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Kevin Collins, P.C. Economy BAD White–Collar Crime GOOD! Written by: Kevin Collins, P.C.
Issue: May 2009 | NSIDE Business
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White–collar crime is an all–encompassingphrase for frauds, schemes, and financialoffenses by businesspersons, public officials,and confidence men and women of alltypes. Simply put, it covers a wide range ofnon–violent offenses that have cheating astheir central element. The types of differentruses can be as complex as stock marketmanipulation or as simple as an employeestealing from an employer. One thing all ofthese schemes share in common is stealingfrom somebody else by taking their moneyor property.


White–collar crime has existed aslong as mankind itself, and a quickglance at a nearly 400–year–oldEnglish case is instructive. This littletale of devious doings is straightfrom the pages of the court reportsof the Old Bailey , London’s CentralCriminal Court, as related January 14,1676:

“After this a woman was indicted,for that she together with two men,not yet taken, went into a house inthe city, and pretended themselves‘persons of quality’, one of themen saying he was a Steward to aperson of Honour, and the othera Gentlemen newly come fromIreland; they desired lodging, andtheir requests were answered; and atnight, it being Christmas time, theydesired to play at a game of cards,for their divertisement, with theirnew Landlord, and he to oblige themreadily complied …. they desiredhim to send out for some DoubleBeer for them; he stept to the nextdoor and asked the Maid bring it in;after that they called for wine andhe sent the Maid to fetch it; thena little after they desired he wouldfetch them some more Double Beerhimself, and as soon as he was gone…. they took from thence a silverTankard and Money, to the value oftwenty pounds, and left him onlya light upon the stairs to see hislosses.”

This story of skullduggery still ringstrue today and encapsulates theessence of all white–collar crime:the cheat, the swindle, the gainingof the victim’s confidence by deceit.Whether it is Newman and Redfordin The Sting, or Ryan and TatumO’Neal in Paper Moon, some formof cheating is the central elementin every crime that is categorized aswhite–collar crime.


The Old Bailey story of thieveryshares its roots with many storiesstraight out of today’s headlines –oops – I mean websites and blogs –including Madoff , Enron, and many,many others. As new technologiescreate new opportunities forgrowth and wealth, so too are newtechniques developed to cheatpeople out of their investments,money, and other property. I havepersonally defended cases involvingschemes as diverse as bid–rigging,construction fraud, mortgagefraud, and employee theft in thepast several years. The housingmarket implosion, the stock marketmeltdown, and the struggles ofthe automobile companies allpoint towards white–collar crimecontinuing as a “growth industry,”with no end in sight as to thenumber of schemes concocted totake other folks’ money.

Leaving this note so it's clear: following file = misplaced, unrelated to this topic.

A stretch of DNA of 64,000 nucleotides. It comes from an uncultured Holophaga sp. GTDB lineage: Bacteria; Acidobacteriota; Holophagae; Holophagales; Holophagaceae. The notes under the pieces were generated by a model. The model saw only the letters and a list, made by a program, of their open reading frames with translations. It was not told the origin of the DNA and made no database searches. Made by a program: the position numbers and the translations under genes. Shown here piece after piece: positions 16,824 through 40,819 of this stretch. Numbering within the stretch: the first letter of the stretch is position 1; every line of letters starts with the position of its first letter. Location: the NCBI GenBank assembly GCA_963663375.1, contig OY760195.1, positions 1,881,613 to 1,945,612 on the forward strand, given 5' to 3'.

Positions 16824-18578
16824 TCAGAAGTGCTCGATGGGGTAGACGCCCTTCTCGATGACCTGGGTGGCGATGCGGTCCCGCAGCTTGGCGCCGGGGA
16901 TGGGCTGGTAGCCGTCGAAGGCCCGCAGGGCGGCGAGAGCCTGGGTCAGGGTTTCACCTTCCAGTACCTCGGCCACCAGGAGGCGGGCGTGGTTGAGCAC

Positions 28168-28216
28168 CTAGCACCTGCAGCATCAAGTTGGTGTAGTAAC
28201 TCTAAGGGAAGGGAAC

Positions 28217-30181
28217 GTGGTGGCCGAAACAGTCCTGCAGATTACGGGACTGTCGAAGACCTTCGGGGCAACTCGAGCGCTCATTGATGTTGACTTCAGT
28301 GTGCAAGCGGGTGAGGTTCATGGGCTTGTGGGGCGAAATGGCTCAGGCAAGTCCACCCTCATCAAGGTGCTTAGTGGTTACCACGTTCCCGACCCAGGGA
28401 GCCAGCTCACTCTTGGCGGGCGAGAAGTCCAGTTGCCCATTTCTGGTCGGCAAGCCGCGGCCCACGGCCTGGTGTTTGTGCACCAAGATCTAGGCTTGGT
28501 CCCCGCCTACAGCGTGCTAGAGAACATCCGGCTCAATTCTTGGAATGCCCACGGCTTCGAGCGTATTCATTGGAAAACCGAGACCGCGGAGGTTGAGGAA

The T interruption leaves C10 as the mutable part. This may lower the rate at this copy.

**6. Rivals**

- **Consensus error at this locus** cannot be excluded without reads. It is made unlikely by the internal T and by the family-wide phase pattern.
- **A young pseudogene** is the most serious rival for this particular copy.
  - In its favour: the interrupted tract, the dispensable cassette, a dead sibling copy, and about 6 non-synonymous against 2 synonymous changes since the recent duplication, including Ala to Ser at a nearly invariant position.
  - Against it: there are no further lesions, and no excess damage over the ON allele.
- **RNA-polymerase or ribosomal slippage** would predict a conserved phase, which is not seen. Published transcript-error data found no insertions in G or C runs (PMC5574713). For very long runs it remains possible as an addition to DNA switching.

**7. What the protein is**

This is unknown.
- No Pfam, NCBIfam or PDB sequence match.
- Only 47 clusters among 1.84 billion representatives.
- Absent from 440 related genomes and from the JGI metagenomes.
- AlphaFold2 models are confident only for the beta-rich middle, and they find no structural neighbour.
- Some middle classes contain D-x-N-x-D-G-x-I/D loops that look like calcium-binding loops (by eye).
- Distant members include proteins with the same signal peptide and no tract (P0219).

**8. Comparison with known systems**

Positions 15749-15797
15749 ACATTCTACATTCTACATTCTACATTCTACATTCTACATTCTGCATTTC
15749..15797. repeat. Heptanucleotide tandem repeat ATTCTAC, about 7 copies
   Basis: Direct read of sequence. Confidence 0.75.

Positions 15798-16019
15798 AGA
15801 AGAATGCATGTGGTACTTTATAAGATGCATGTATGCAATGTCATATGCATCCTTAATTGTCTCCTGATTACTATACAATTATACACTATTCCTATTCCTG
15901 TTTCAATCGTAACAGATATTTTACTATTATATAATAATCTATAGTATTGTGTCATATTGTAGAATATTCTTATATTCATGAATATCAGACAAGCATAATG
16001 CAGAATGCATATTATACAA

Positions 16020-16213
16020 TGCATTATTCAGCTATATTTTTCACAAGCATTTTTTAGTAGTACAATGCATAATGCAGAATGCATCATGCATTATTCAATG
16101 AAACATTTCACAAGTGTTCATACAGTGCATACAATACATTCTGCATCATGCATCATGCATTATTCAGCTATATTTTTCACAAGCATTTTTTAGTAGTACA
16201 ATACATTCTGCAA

Disturbing as it may sound, themantra “Economy bad, whitecollarcrime good” seems is all tootrue. I would strongly suggest thatemployers, whether small or large,as well as investors, small or large, beparticularly careful of who has accessto financial information and assets. Alittle bit of extra diligence could payhuge dividends for your personaland/or corporate security.However, many modern schemesare not simple acts of thievery,but are much more complex. It isbeyond the scope of the article todiscuss the intricacies of aggressivegovernment prosecutions, butcorporate directors, officers andhigh–level employees have to bevery careful. Business practicesand industry procedures that arebased on value judgments canbe attacked as criminal by theDepartment of Justice. Decisionsand practices that formerly wereconsidered civil in nature havesuddenly been criminalized by theFederal Government and even pitcorporations against their ownofficers, and vice versa.


At the end of the day, there isnot much new under the sun, asthere have always been a certainpercentage of people who arewilling to lie, steal, and cheat toget other people’s money. Like the“gentle persons of quality” reportedin the Old Bailey case, conniversand grifters are ever ready to relievetrusting souls of their property. Thegovernment, on the other hand, hasbecome so aggressive in some casesthat complex securities and businessdecisions are being increasinglycriminalized. This can stunt freeenterprise and cause more harmthan the activity the Governmentseeks to prevent. A more balancedapproach is needed to ensure theinnocent are not swept away withthe guilty.

Just to illustrate that point , let’srevisit the Old Bailey case. Whathappened to the men that were“not yet taken”– did they coerceor force the woman’s involvementin the scheme? Perhaps the silverTankard and Money were stolenby the landlord from the Gentlepersons’ relations, and they weremerely taking them back. Maybethe landlord made the whole thingup to collect on an insurance policy.What if he had promised thosethings to the gentle people in returnfor certain favors? Perhaps his ownmaid took the property and framedthe gentle persons. The answer isnever as straightforward as it mightseem. One thing for certain is thatthe woman’s punishment wastransportation by ship straight to thethen penal colony of America!

Kevin Collins is a San Antonio CriminalDefense Lawyer, former Prosecutor,and is Board Certified in Criminal Lawand Juvenile Law by the Texas Boardof Legal Specialization and also amember of the Criminal Law Sectionof the San Antonio Bar Association.For more information please or call210.223.9480.

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